Inventor sues National Lottery
Last Updated: Monday 22nd February 2010, 01:26 am
An Inventor from Halifax is suing National Lottery operator Camelot over a scratchcard game the inventor claims is based on his own idea. The inventor, Henry Michael Pattison is suing the National Lottery for copyright infringement over a series of scratchcards based on a dice game.
Mr Pattison claims that the scratchcards are based on a board game he invented called Combinations. The game involves each player throwing two dice and the combinations that throws up. The 73-year old is claiming several of Camelot’s games, On a roll, Cloud 9, and Lucky Dice doubles all infringe the games copyright.
Since the launch of this group of scratchcards by the National Lottery more than 85 million have been printed and sold, this is why Mr Pattison is claiming 10p of each scratchcard sold plus a return from internet sales from the National Lottery website. If successful his claim to copyright could be worth over £8 million, almost as good as a winning lotto ticket!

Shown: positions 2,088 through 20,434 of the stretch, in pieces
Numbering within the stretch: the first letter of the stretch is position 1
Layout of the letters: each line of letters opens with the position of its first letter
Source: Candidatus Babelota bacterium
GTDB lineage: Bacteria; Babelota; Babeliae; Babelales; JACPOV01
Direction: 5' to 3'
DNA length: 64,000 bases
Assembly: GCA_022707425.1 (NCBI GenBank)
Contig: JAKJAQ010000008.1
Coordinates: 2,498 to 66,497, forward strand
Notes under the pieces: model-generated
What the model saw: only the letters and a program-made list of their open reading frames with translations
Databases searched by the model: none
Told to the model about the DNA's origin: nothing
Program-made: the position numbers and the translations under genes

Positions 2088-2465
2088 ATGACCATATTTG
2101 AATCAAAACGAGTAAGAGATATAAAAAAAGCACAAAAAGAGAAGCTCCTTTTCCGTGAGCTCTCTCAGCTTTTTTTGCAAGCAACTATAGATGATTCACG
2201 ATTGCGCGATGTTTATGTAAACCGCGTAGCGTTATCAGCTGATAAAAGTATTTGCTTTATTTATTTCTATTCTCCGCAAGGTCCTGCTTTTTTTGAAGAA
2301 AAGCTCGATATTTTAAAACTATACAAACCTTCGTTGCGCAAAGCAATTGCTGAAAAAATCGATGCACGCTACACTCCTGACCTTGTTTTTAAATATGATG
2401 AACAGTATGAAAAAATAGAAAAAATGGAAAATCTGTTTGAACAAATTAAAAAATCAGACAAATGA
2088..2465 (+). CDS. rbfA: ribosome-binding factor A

A bankrupt, Mr Pattison has spent his life savings on his inventions and so will be representing himself in court against Camelot in March 4th. He clearly feels that Camelot have taken advantage of him by stealing one of his ideas but whether a court will agree is debatable.
A spokesman for Camelot seemed to give the issue little concern, saying they believe that Mr Pattison’s claim is entirely without foundation and will fight in court.
The case is to be heard on March 4th in the Patents Court in London after being referred from Halifax County Court.
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